Learners who refuse to return textbooks and tablets that were issued by the Gauteng Education Department may face criminal charges.
Gauteng MEC of Education Panyaza Lesufi issued the warning on Tuesday, during a launch of the Textbooks and Tablet Retrieval Campaign, at Sebothoma Hall in Hammanskraal.
Lesufi said parents need to “play a pivotal role in reminding their children that withholding the department’s learning material is tantamount to theft and they are likely to be prosecuted.”
Last year, the department said 82 000 tablets were issued to Grade 12 pupils as part of the pilot project, but 9 865 were not returned.
The Gauteng Department of Education (GDE) has since been pleading with all learners who were issued with textbooks and tablets by the department, to return them to schools in good condition, saying it will enable other learners to be afforded the same opportunity next year.
Lesufi also pointed out that the purpose of the Textbooks and Tablet Retrieval campaign is to instil discipline and a sense of responsibility amongst learners regarding the adequate management and care of the department’s resources.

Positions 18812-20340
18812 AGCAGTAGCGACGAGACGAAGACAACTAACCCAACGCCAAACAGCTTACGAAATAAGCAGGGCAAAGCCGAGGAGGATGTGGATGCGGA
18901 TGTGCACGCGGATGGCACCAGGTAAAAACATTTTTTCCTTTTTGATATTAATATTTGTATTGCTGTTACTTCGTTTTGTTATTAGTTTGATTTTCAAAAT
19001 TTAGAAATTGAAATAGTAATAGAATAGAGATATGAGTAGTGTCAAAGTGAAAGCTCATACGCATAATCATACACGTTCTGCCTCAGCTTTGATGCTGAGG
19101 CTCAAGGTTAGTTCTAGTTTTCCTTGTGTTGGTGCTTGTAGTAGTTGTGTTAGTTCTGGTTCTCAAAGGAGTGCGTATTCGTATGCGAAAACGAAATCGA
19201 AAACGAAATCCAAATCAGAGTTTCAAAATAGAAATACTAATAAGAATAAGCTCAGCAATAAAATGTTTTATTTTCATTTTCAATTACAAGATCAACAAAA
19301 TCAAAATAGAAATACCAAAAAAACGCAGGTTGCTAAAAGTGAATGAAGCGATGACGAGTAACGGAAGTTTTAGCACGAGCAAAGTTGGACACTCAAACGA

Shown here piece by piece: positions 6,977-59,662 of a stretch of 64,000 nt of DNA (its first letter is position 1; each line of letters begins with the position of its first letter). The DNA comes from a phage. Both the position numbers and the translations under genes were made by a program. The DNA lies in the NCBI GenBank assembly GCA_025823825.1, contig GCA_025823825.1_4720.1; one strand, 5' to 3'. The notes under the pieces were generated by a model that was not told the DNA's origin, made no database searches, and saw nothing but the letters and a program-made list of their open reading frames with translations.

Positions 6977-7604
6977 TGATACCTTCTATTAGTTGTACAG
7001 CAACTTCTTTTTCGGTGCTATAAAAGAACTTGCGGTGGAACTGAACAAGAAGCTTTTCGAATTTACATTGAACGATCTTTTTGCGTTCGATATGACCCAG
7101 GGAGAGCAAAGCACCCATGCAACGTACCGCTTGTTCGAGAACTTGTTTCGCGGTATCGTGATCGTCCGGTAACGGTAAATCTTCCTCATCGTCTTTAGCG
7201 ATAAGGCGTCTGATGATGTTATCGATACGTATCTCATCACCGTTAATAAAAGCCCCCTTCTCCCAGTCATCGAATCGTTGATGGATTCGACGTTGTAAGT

“The safe return of study material enables the department to plan on time for 2018 so that when schools reopen for the new academic year,” said Lesufi.
“In addition, this will save taxpayers money, which can be redirected to other educational purposes, such as the implementation of the GDE Information and Communication Technologies (ICT) strategy, rather than procurement.”
In conclusion, Lesufi said it is therefore vital that all textbooks and tablets be returned to schools after this year’s final exams, “as this impacts on the achievement of access to quality education in South Africa as a whole.”